The promises and pitfalls of making livestock sustainable

The promises and pitfalls of making livestock sustainable 

There’s an argument that the only way to be sustainable when it comes to meat, is to not eat it all.

It’s true that cow digestion (burps) and waste produce emissions; however, does the impact of methane emissions from animal agriculture warrant a shift in diet? And are there other ways to help improve the climate credentials of beef?

In this episode, we speak with two livestock industry experts who share their views on the promises and pitfalls of making livestock sustainable. Kerryann Kocher, CEO of agtech startup Vytelle, explains how accelerating genetic progress is one way to improve both producer profitability, as well as environmental outcomes. Meanwhile, Professor Frank Mitloehner, air quality specialist at UC Davis, explains how enteric emissions actually work, and shares promising science about feed additives with the potential to reduce the amount of methane being produced.

But often when there’s great opportunity, there are significant challenges, too. Here are three livestock sustainability promises, and the associated pitfalls.

Feed efficient cows

Opportunity: Vytelle is accelerating genetic progress in livestock through a combination of improvements in bovine IVF, advanced analytics, and a phenotype data capture system that allows traits such as feed intake and weight gain to be measured, so the best performing animals can be identified. They aim to make genetic progress five times faster, with a 30% improvement in traits such as feed efficiency in five years. This holds massive sustainability potential, for example by helping to produce more bulls that can perpetuate resource efficient traits- farmers can lower their costs while producing more sustainable protein. 

Challenge: Achieving this genetic progress at industry scale is difficult. While the cattle industry has a lot to learn from the poultry and swine industries in terms of genetic improvements, there are structural differences which make this process hard. In poultry for example, the industry is vertically integrated and therefore there’s a ‘playbook’ given to producers on how to farm chickens, from breeding and feed, to animal health. However, given the beef industry is not vertically integrated like poultry and swine, decision making, including about genetics, is left up to individual producers. Cows are also more likely to have multiple owners throughout their lives. This makes perpetuating genetic gains across the entire industry much more difficult.

Feed Additives

Opportunity: Feed additives such as seaweed can be mixed with grain or hay in a cow’s diet to inhibit methanogens in the rumen, thereby reducing enteric emissions.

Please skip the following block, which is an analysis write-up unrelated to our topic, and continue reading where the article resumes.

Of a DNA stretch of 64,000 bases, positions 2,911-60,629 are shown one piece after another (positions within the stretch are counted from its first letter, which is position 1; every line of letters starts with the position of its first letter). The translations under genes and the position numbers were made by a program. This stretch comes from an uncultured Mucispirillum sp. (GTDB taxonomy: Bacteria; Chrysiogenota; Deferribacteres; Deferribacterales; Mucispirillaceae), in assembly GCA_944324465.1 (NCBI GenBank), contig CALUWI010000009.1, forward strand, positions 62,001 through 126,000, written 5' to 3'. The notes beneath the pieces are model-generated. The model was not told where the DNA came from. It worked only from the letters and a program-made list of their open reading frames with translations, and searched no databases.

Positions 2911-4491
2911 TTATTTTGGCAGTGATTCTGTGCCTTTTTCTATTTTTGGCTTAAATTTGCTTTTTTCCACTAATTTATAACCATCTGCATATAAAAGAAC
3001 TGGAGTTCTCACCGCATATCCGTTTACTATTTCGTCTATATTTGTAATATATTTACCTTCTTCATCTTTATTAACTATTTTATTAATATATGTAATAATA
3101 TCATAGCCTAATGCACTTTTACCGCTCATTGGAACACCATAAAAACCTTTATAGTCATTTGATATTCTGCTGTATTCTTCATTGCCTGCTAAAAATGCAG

Challenge:  According to research by Professor Mitlohehner, out of the 100 feed additives available (in the research world; not necessarily commercially), only five have thus far been effective in reducing methane. In some cases the methane reduction was only about 10%, while the most effective saw a reduction of well over 60%. There are also questions over the long term effects of these feed additives - it’s not known whether a cow’s stomach will adapt to the feed over time and the methane efficiencies will be lost, or if there will be other animal health concerns. Palatability is also a problem - it seems cows don’t like the salty taste of seaweed. 

Sequestering soil carbon through grazing

Opportunity: Farmers can improve their soil health using rotational grazing practices, as advocated by many regenerative ag practitioners and skeptics alike. Soil carbon can also be a commodity in itself, with potential for farmers to be paid for the carbon they sequester. 

Challenge: Measuring soil carbon levels is notoriously difficult: gains are not linear and need to be assessed over time; every farming system and soil type is different; and the jury is out on whether the economic benefits of indirect sensing will reach a high enough performance threshold to beat out direct sensing. So it can take farmers a long time to understand what set of grazing practices will work to increase soil carbon levels. Further, soil carbon markets are complex, and thus far it’s not clear whether- or how- the financial rewards for farmers will justify the effort required to participate.

For more on sustainable livestock solutions and challenges, check out the episode. We’d love to hear what you think!  

Useful links and additional resources:


Wheatsheaf Group

CLEAR Center

Scholarly articles by Prof. Frank Mitloehner

Enjoyed the article or the podcast episode? Please share them! You can also follow us on Twitter and Facebook.

AgTech So What? is brought to you by the Agthentic Group.

Key takeaways